Remove no parameters support when creating a peer connection object

RESOLVED WONTFIX

Status

()

Core
WebRTC
RESOLVED WONTFIX
5 years ago
3 years ago

People

(Reporter: jsmith, Unassigned)

Tracking

({compat})

Trunk
compat
Points:
---

Firefox Tracking Flags

(Not tracked)

Details

(Whiteboard: [WebRTC][blocking-webrtc-][spec-issue])

(Reporter)

Description

5 years ago
If I execute the following line:

var pc = new mozRTCPeerConnection();

This will create a peer connection object with using the Mozilla STUN server to do remote communication. Although it's a good idea to provide a workflow to allow developers to utilize a STUN server for peer connection testing, I don't think this belongs embedded in the API for Peer Connection in itself, because this poses a compatibility risk with Chrome - Chrome doesn't have a concept of a no parameters option, so this implementation choice will only ever work in Firefox.

I think what we should do here is remove support for no parameters to point to Mozilla's STUN server and instead evangelize in developer docs that we have a sample STUN server developers can use for peer connection testing.
(Reporter)

Updated

5 years ago
Keywords: compat
Whiteboard: [WebRTC][blocking-webrtc-][spec-issue]
Note the following support in about:config for this:

  media.peerconnection.default_iceservers      = [{"url": "stun:23.21.150.121"}]
  media.peerconnection.use_document_iceservers = true

There are two features here:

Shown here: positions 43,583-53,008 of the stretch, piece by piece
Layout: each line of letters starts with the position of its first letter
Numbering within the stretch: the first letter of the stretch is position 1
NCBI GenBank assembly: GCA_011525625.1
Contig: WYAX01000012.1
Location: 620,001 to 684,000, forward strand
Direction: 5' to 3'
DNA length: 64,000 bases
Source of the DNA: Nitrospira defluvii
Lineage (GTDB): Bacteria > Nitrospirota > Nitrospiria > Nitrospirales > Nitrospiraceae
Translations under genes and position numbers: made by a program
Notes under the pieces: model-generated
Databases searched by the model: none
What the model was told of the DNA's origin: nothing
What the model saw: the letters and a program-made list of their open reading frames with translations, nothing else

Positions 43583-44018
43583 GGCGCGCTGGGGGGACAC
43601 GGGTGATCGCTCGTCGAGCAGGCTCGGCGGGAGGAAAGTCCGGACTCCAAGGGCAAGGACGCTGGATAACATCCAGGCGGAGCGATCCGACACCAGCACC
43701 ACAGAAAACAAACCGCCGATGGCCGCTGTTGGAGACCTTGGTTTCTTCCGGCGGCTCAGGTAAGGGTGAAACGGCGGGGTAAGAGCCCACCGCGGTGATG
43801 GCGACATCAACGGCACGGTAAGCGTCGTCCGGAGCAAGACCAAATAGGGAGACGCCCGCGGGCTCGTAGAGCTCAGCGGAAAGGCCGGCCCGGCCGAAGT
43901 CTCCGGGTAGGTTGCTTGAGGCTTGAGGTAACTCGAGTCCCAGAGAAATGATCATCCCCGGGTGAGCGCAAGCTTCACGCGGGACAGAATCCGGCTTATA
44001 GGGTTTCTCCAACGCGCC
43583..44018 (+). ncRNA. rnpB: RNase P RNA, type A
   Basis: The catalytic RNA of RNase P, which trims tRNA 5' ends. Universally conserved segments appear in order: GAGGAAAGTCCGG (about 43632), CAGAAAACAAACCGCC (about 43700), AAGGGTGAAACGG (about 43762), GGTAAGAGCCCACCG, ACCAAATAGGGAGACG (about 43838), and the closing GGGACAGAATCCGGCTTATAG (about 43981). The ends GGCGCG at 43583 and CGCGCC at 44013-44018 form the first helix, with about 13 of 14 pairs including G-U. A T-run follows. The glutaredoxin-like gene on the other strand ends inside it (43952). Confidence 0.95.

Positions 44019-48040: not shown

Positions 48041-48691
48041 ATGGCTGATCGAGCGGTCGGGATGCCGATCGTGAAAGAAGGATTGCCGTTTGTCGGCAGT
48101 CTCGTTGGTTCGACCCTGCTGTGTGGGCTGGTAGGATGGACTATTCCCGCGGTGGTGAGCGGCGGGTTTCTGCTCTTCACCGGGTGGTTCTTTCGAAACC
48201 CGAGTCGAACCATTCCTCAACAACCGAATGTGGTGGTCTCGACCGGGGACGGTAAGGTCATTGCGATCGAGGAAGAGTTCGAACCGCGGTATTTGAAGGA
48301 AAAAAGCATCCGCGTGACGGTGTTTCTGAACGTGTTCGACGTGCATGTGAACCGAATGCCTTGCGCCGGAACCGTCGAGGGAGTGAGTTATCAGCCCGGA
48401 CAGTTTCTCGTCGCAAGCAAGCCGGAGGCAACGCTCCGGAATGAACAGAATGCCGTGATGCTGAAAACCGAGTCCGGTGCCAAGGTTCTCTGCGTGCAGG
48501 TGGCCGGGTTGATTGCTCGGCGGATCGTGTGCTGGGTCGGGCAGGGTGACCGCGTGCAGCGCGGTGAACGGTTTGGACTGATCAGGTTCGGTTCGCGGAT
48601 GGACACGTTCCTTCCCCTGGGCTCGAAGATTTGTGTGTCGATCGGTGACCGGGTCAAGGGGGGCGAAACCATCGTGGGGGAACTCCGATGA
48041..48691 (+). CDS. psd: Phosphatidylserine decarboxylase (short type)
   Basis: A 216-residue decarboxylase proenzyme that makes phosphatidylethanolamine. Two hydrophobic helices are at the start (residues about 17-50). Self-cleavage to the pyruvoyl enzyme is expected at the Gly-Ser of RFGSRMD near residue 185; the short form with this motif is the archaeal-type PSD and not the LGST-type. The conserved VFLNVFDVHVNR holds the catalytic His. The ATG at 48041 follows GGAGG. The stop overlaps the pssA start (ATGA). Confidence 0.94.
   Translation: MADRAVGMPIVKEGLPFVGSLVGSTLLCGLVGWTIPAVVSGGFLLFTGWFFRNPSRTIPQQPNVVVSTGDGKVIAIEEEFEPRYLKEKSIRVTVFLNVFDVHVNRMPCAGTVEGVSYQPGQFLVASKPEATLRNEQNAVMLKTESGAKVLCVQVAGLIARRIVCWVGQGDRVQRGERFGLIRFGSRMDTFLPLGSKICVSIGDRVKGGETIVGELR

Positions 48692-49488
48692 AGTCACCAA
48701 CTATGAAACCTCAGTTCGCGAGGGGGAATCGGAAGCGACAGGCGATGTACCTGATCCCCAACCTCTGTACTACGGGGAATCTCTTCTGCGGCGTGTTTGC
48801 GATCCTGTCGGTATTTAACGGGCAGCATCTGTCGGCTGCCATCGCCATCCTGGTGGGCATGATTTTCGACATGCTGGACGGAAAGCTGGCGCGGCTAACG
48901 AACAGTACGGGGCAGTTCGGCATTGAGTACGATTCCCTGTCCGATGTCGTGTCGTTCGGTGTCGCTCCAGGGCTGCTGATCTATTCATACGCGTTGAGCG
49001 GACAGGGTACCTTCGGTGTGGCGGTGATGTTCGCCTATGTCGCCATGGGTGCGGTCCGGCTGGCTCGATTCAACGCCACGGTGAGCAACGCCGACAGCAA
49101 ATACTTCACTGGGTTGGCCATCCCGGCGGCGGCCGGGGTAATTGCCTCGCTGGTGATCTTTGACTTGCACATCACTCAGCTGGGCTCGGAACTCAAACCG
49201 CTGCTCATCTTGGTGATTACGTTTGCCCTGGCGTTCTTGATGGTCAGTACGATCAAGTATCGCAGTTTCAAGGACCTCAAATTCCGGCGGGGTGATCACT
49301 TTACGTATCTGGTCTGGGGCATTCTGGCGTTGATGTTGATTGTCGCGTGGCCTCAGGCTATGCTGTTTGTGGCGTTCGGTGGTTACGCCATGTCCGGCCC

1) Provides apps access to a user-settable default.
 2) Lets users override apps with STUN/TURN servers that they prefer/trust/pay for

(We can obviously keep 2 without 1)

This seems better (more user-centric) than what Chrome offers, so maybe we should push for having it in the standard instead?

As for the compatibility risk, given that apps that follow the standard are compatible, I would weigh risk against benefit. Firefox has other unique differences, like "let" instead of "var" that are incompatible.
To clarify: my point is that pointing developers to a Mozilla server is not equivalent to this feature, so we would loose functionality by taking this away.

Come to think of it, this may not be a standards issue yet (I know I raised it). The standard says there is a configuration parameter, but it doesn't say how many servers are required in the array, or what happens if you specify zero servers in the array, or what happens if none of the servers specified are working right now. It doesn't even limit the browser to the servers specified. So I think we're into browser-dependent territory.

Everything you say about there being a cost to browser-differences is still true.
(Reporter)

Comment 3

5 years ago
(In reply to Jan-Ivar Bruaroey [:jib] from comment #1)
> Note the following support in about:config for this:
> 
>   media.peerconnection.default_iceservers      = [{"url":
> "stun:23.21.150.121"}]
>   media.peerconnection.use_document_iceservers = true
> 
> There are two features here:
>  1) Provides apps access to a user-settable default.